Franklin Field, the venerable brick house on the University of Pennsylvania campus, is where the Eagles played their home games from 1958 through 1970. Most memorably, it is where they won their last NFL Championship in December 1960.
Franklin Field represents a significant chapter in the team’s history. Bert Bell, the Eagles' original owner and later NFL Commissioner, said the team’s move to Franklin Field "saved pro football for Philadelphia." If it didn’t save it, it certainly secured it.
Prior to that, the Eagles played before relatively small crowds at Connie Mack Stadium, a baseball park in North Philadelphia. The capacity at Connie Mack Stadium was 39,000 for football and the place was one-third empty for many games in the 1950s. The team was losing and the stadium was a gloomy place.
"There is no ball park in the entire (NFL) that presents the problems of congestion and parking that are provided by that hemmed in egg-crate known as Connie Mack Stadium," wrote Philadelphia Bulletin columnist Hugh Brown in 1955.
But when the Eagles moved to Franklin Field, things changed for the better. Franklin Field had a seating capacity of 60,237 which made it the second-largest home stadium in the NFL at the time. Only the Los Angeles Coliseum, home of the Rams, was larger.
More than that, there was something about the campus setting that made it more welcoming. More families came to the games at Franklin Field.
"We became socially acceptable," former Eagle Tom Brookshier said in a 1997 interview. "There was just something about walking across the grounds, past the statues and the library on a crisp fall day. People who could never go to Penn now could go to Penn on Sunday to see us. It was a great setting and we (the players) felt it, too."
Compared to Connie Mack Stadium, Brookshier said, the horseshoe-shaped Franklin Field was "an incredible amphitheater."
"There wasn’t a bad seat in the house," he said. "The stands went straight up so everyone was close to the field. We could hear the fans. If somebody in the upper deck called you a name, you could look up, point at the guy and say, ‘I’ll see you after the game.’"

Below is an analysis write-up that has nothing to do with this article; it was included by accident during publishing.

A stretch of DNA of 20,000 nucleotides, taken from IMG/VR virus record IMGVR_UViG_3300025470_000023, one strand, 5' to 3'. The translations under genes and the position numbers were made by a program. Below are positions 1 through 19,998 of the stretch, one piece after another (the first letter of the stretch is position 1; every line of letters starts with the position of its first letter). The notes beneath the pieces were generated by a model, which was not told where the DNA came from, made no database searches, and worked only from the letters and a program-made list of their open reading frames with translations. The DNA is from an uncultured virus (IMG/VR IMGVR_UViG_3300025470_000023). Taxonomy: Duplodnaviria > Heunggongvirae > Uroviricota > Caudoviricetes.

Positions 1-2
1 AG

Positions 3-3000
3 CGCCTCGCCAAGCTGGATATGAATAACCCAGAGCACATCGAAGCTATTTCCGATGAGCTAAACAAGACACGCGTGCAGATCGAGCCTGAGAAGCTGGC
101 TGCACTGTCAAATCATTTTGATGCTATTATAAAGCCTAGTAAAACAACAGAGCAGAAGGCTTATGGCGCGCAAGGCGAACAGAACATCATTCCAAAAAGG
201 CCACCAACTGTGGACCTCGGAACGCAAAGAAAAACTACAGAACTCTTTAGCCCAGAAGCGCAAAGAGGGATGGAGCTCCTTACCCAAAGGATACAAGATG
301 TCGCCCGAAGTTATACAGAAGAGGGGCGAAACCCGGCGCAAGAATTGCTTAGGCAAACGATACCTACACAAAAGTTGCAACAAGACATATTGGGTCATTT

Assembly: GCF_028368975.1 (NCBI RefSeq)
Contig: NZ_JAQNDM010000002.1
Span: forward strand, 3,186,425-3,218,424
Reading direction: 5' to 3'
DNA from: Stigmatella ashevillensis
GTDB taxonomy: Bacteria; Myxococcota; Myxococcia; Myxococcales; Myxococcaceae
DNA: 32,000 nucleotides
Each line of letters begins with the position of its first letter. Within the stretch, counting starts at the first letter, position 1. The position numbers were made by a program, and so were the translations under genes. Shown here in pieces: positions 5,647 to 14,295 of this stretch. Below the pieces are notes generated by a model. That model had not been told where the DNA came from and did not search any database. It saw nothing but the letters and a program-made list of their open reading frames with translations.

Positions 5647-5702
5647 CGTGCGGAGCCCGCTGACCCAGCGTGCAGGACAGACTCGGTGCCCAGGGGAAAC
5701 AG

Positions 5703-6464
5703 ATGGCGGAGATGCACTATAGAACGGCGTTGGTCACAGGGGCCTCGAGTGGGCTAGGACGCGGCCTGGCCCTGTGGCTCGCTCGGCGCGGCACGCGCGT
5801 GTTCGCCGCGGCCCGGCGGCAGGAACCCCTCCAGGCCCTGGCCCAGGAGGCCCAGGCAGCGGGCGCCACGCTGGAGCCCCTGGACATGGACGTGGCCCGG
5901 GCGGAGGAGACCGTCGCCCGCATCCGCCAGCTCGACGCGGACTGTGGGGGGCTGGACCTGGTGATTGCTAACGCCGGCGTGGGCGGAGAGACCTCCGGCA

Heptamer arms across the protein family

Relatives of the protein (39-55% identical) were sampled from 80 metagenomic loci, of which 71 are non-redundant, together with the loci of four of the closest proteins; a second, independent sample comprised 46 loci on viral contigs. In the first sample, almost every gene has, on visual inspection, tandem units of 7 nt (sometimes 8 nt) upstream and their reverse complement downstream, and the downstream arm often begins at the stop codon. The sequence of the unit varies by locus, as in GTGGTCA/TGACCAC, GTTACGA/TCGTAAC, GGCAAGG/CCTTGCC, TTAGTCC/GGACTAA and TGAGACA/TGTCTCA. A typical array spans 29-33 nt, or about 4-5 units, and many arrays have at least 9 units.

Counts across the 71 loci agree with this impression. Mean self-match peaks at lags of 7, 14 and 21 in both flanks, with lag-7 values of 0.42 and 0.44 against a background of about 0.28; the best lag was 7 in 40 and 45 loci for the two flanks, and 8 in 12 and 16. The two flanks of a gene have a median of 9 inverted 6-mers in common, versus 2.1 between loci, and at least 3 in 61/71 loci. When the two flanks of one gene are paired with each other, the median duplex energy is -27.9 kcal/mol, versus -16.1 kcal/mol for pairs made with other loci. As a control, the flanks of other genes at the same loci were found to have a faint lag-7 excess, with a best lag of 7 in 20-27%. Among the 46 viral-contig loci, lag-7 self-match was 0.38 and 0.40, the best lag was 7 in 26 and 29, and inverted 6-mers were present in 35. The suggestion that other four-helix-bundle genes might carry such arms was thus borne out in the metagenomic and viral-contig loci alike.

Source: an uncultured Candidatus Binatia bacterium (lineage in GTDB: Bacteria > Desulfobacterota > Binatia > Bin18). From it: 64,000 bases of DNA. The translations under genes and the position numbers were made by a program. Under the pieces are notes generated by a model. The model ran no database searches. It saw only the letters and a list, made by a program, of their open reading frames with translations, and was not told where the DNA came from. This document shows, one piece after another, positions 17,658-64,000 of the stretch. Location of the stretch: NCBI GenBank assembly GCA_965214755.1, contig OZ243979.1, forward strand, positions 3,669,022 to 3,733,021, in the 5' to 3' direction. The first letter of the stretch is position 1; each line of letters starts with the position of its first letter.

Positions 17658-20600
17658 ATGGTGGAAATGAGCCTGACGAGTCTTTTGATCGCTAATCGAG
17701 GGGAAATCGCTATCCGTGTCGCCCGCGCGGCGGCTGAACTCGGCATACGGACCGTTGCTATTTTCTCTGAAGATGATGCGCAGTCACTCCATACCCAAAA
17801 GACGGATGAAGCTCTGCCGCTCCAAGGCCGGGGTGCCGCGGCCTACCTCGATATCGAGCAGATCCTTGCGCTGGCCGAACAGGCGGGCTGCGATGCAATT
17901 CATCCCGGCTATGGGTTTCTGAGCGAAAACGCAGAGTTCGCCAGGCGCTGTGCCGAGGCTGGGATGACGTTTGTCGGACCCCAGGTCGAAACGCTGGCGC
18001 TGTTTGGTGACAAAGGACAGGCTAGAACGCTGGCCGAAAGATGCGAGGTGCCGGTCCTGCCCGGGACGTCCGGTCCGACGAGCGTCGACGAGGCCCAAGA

Brookshier may have been exaggerating, but I get his point. For a large stadium, Franklin Field felt intimate. As a fan, you did feel close to the action and since in those days there were no individual seats only long wooden benches you definitely felt close to the people around you. No one dared to come late because they would have needed a shoehorn to find space in their row.
The Eagles drew 36,858 for their first game at Franklin Field. Only 23,178 came out the next week to see the Eagles play the Giants. But when the team started winning, the place was packed and when they played Green Bay for the title, they had to add temporary stands to handle the overflow crowd. In all, 67,325 fans witnessed Hall of Fame head coach Vince Lombardi's only playoff defeat.
That was the year pro football really arrived in Philadelphia and it arrived at Franklin Field. For those of us who were there to experience it, it remains a special place.
Some of my happiest days were spent in Section EE jammed elbow to elbow with everyone else in row 23 juggling my hoagie and my hot chocolate and waiting for Norm Van Brocklin to uncork another long pass to Tommy McDonald. There was no music blaring, no message boards telling us when to cheer or clap. There was just a scoreboard and a clock that no one could read.
You had to be there to get it.
People who go to Franklin Field now for the first time will probably look around and say, "Really?" They will see a small press box and tiny concession stands and an upper deck with no restrooms. They will also fail to see the charm. The place will just look old and outdated. If you’ve only watched the Eagles from a catered suite, I’m sure Franklin Field will seem lacking.
But older folks – and I’m sure this will be the largest AARP turnout for any Eagles practice – will see it differently. They will see the green uniforms and winged helmets in that familiar setting and they will be transported back to a time when tickets were three bucks a game and the hot dog vendors called you by name and, oh yes, the Eagles were world champions.
Trust me, it was a very nice time.
An award-winning writer and producer, Ray Didinger was inducted into the Pro Football Hall of Fame in 1995. He has also won six Emmy Awards for his work as a writer and producer at NFL Films. The five-time Pennsylvania Sportswriter of the Year is a writer and analyst for Comcast SportsNet. Didinger will provide Eagles fans a unique historical perspective on the team throughout the season for PhiladelphiaEagles.com. You can read all of his Eagles History columns here.